Our main goal was to create an easy to pick, approachable couch multiplayer game for up to four players. Rivals are supposed to win the slot-cars-like race set in a variety of worlds. Graphic simplicity was dictated by the general idea of the game’s casualty.
We’ve decided to set our game in a low-poly setting for the sake of readability. To make a visually clear, low poly game, it was necessary to not use some maps, such as normal or noisy metalness and specular. To recreate the feeling of slot car racing the camera is set above the track, but using perspective view caused problems with visibility. Therefore, we used static, orthographic camera. Level editor allowing players to create their own tracks is one of the main features. Aspects mentioned before had a huge impact on the game’s design and development and I’d like to explain why below.
Cars take a small part of the game screen, so we had to make them distinguishable. Their shapes vary a lot. Differences between MonsterTruck-inspired car and a Quad make it easy for the player to identify their current position. Obviously that wouldn’t be enough if we didn’t apply different colors assigned to the players.
Almost every 3D asset is painted using only one atlas texture. That greatly shortened the development process and also has a positive impact on the game’s performance. Using flat color with a simple direct light looks decent in low-poly style, but we wanted to achieve tiny details that fulfill general experience. A good example of that case is how fake light and shadows have been implemented in the car’s models.
Car on the left side has the body’s UV set in the same place on atlas. It wouldn’t be bad if the game scene contained a complex light system, but we decided not to use it. To solve the problem we placed certain UV parts on the neighboring colors on the atlas. As a result, the car has more contrast, and its shape is more clear. What’s more, using additional light wasn’t necessary.
As I mentioned before – almost every 3D object uses the same atlas texture. To change the car’s colors we don’t need a separate model or prefab. We created 4 UV sets of each car and wrote a shader that swaps them. That allows us to reduce the size of the game. What’s more, it’s easy to imitate movement by creating a simple animation, as we did in the booster’s model.
Players are able to create their own tracks using road parts, obstacles and props. Position of all these objects is dictated by the world’s grid. Every part must be set accordingly to the tiles, that size is 30x30x10. That decision had a great impact on design and development. Although it helped to organize tracks, a few tricky issues appeared. All road parts have to snap perfectly and curve angles have to be precise. Therefore a lot of measurement and tweaking was necessary. Some problems came up with turns and loops, but the hardest part was to create even spaces between lines.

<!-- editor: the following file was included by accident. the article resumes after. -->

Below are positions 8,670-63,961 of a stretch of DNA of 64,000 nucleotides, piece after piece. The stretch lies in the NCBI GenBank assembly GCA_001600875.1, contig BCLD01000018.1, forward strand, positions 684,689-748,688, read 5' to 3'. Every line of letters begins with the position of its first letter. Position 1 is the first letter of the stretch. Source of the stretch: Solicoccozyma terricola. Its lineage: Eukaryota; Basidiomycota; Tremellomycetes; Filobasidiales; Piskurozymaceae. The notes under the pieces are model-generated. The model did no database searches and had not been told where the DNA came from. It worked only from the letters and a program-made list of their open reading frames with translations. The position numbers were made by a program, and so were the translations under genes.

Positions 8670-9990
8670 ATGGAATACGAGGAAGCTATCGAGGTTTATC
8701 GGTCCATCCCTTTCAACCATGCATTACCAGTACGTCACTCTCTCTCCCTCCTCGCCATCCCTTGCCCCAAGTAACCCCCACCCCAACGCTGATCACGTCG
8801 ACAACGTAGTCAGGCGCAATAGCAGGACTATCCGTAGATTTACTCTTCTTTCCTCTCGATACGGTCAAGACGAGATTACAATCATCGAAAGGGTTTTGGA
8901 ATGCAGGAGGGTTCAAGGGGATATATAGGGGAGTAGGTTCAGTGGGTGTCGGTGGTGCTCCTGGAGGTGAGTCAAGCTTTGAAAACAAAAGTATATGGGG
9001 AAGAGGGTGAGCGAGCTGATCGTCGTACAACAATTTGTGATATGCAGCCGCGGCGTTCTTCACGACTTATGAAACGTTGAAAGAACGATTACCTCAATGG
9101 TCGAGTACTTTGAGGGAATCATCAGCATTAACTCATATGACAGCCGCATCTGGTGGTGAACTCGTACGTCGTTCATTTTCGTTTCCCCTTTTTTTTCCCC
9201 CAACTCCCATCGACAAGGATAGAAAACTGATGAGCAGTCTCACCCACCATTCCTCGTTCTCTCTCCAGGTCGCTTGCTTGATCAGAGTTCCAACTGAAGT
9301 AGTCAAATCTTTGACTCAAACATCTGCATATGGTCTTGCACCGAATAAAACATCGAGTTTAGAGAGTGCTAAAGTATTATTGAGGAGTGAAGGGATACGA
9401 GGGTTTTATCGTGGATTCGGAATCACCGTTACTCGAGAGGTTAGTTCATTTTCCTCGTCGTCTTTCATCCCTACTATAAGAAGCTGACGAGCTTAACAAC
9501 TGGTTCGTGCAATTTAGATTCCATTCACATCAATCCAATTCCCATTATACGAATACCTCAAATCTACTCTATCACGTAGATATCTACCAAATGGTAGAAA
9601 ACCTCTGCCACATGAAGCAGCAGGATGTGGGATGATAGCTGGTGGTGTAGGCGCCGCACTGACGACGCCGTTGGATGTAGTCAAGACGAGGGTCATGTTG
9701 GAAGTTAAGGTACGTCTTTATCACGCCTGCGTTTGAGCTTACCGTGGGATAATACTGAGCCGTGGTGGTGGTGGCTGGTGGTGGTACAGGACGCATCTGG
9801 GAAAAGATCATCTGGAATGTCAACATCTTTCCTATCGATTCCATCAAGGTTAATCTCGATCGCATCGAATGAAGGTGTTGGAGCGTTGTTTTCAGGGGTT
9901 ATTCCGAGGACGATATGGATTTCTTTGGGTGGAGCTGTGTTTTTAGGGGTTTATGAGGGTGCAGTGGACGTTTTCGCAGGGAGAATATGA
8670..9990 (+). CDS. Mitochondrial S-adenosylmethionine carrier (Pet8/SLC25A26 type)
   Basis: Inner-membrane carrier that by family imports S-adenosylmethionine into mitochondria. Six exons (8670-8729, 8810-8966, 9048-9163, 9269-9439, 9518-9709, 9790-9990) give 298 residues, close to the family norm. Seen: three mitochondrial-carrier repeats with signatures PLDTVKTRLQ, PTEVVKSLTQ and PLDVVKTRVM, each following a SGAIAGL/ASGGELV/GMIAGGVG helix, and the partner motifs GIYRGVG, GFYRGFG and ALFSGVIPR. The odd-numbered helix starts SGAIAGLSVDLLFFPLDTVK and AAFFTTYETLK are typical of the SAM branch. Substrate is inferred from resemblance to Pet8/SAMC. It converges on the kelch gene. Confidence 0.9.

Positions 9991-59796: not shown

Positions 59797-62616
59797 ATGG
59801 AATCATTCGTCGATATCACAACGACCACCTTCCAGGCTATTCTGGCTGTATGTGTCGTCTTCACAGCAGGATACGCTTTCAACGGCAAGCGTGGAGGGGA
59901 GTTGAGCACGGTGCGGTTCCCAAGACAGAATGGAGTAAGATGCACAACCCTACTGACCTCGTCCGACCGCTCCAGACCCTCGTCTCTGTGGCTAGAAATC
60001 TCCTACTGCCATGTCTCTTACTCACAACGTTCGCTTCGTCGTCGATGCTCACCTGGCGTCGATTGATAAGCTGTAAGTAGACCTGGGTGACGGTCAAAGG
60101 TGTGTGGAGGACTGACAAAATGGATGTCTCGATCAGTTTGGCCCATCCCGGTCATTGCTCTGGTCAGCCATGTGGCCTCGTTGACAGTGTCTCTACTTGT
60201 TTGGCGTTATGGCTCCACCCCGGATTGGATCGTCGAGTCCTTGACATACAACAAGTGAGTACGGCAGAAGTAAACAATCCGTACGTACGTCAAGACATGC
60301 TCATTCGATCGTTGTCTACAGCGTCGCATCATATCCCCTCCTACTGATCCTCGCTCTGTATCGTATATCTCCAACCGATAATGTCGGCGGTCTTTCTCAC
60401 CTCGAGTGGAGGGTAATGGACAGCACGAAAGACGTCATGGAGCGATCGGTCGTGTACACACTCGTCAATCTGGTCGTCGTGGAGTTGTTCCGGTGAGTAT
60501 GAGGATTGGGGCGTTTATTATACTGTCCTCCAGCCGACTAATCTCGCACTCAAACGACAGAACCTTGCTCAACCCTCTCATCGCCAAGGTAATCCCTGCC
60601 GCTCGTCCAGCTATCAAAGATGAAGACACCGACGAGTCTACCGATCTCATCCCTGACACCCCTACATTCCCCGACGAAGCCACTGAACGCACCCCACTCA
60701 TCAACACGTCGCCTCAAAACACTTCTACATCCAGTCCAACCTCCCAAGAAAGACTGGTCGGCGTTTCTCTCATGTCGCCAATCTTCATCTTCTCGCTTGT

As you can see above, the lines have different lengths. We tried to solve this issue with Unity’s Line Renderer, but that tool doesn’t allow to do it properly. Its bezier controller works a bit clunky and causes trouble on loops and other vertical paths. To solve the problem we rearranged the mesh and added some edge loops along track parts. Even though it doesn’t seem to be difficult, it was a bit tricky to make, especially because of the editor system.
All of the moving obstacles have implemented different mechanics, that make player behave in a certain way. We had to focus on the matter of readability. Obstacles’ models and movement need to be recognizable by the players. Creating animations for animals wasn’t an easy part. The reason why it was difficult is that blocky, low-poly models don’t always bend and morph the way artists wish they did. Adjusting mesh, rig and skinning needed a couple of iterations.
Static obstacles needed some adjustments as well. We needed to simplify the mesh and decrease the amount of tiny details for the sake of readability. To ease the identification process, we added particles. Some of the visual effects are just for decoration (such as rain, snow, confetti), but part of them inform about the state of obstacles or vehicles (lava geyser, exhaust fumes).
Majority of props work on the same principles as the rest of assets. They are textured using the same atlas map and need to fit into the grid size. In the editor props are spawned procedurally – it took some time to organize scripts and meshes properly. The main issue was the trees in basic, cottage and winter levels. Because of the amount of flora we’ve observed frame drops. It’s impossible to add Unity’s Level of Detail system in that case (static, orthographic camera). A baking light map wouldn’t help either (trees are moveable objects – can be hit by cars passing by), so the only reasonable option was to decrease the number of polys. Luckily, lowering trees’ polycount turned out pretty good. The simplifying mesh didn’t make it look worse, but enhanced the game’s framerate. Cutting each tree from ~800 tris to ~650 tris had a huge impact when it comes to the performance.